Let me tell you a story about global warming and mobile pay — Apple Pay in particular — and what they have in common.
Let's start with Al Gore. Al Gore’s interest in global warming started when he was an undergrad at Harvard University.
While there, he studied with a professor who was one of the first, in 1957, to measure carbon dioxide levels in the Earth’s atmosphere. That body of work suggested that global warming was the likely future result of the oceans’ inability to absorb excess levels of CO2 generated by the projected growing use of fossil fuels. Fossil fuels — such as coal, natural gas and oil — generate nearly 90 percent of all human-produced CO2.
That topic, and Gore’s interest in environmental issues more broadly, became the cornerstone of his career as a senator and his legislative agenda as President Clinton’s VP — with mixed success. The data backing up his claims was challenged and politicized by growing concerns over job losses at home and possible trade wars with developing nations that were among fossil fuel’s heaviest users.
Gore’s 2006 movie, An Inconvenient Truth, was his attempt to take his story to a different audience — the lay consumer. In it, he shares the data used to support the same environmental concerns and likely “planetary emergency” that he had begun raising 17 years earlier.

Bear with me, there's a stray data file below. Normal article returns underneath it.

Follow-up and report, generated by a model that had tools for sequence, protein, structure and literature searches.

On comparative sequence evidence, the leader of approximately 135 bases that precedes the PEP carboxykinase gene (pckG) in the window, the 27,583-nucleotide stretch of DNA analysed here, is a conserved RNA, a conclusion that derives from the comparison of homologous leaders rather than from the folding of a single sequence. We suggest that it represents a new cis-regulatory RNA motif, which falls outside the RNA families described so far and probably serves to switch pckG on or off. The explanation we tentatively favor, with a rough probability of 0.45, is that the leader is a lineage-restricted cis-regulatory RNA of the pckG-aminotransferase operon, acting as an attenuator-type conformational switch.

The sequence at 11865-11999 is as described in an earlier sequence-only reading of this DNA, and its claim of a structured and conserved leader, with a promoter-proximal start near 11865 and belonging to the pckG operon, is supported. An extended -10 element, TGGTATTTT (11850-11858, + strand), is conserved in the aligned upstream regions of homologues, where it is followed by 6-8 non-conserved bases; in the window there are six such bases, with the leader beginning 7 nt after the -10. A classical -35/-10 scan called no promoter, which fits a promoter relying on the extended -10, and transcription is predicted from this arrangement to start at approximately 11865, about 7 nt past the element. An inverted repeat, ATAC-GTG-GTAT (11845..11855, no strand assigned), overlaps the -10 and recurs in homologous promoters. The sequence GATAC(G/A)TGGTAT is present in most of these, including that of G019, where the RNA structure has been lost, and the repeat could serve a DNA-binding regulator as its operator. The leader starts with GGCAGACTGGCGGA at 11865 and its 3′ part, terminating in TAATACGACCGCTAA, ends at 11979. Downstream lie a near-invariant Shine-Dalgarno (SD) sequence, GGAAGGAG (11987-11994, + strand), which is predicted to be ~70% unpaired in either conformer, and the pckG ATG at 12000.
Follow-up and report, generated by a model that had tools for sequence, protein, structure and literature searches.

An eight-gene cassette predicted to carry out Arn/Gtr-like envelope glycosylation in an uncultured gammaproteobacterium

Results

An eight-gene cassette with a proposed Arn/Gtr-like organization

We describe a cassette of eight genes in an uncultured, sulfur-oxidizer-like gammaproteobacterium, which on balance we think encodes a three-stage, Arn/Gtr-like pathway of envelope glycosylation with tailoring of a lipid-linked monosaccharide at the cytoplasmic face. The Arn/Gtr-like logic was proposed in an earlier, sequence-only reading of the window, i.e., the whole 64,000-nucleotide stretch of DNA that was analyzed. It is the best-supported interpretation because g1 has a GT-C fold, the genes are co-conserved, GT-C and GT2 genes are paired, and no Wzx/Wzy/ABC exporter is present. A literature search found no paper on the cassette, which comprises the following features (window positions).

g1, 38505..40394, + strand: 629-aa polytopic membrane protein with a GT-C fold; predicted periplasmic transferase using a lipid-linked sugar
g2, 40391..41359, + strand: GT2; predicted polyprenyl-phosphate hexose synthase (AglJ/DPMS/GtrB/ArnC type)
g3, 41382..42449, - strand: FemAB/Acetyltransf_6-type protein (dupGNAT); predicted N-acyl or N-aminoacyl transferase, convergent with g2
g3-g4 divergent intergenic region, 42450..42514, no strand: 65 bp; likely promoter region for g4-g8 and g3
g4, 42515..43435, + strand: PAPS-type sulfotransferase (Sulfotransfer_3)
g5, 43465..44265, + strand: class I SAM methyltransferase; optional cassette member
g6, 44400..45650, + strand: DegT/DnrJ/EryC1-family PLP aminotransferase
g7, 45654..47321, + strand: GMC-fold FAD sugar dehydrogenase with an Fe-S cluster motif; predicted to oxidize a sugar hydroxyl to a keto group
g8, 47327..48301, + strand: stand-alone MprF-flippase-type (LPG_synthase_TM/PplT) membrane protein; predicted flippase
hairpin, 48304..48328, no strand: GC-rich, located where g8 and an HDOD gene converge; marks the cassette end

“I’ve been trying to tell this story for a long time,” Gore says at the beginning of the movie, “and I feel as if I’ve failed to get the message across.”
It’s a message he continues to share every opportunity he can — now with new data points to support his thesis. As our keynote speaker at our first Innovation Project 2013, Gore managed to traverse the connection between commerce and global warming. His exchange with Russell Simmons that year on the topic sort of brought down the house.
You had to be there.
In the ten years since Gore’s crusade, consumers and innovators alike have taken his call to action to heart and have done everything from paying more attention to recycling, to pouring investment capital into renewable energy and electric cars.
The “inconvenient truth,” though, wasn’t so much the story Gore was telling — and had been for many years — but the broader conversations that it started and the realities that very powerful stakeholders were forced to address as they listened.
Which brings me to Apple Pay and The Wall Street Journal’s article last week on its hype not living up to its hope, 2.5 years after its launch.
The WSJ’s article is dated April 6, 2017, and cites Apple Pay’s struggle to get adoption because of consumer concerns about security and sales clerks’ confusion over how to instruct consumers to use it.
Better 30 months late than never, I suppose, and somewhat ironic to have this story told now by one of the outlets that helped to fuel its hype, even after it became increasingly clear that the bloom was falling off the Apple Pay rose – and not long after its start.
Just three weeks after we released our latest quarterly mobile payments adoption study results, it was made astonishingly clear that the already disappointing Apple Pay performance was being taken to a new level: Consumer adoption and usage moved from flatline to decline.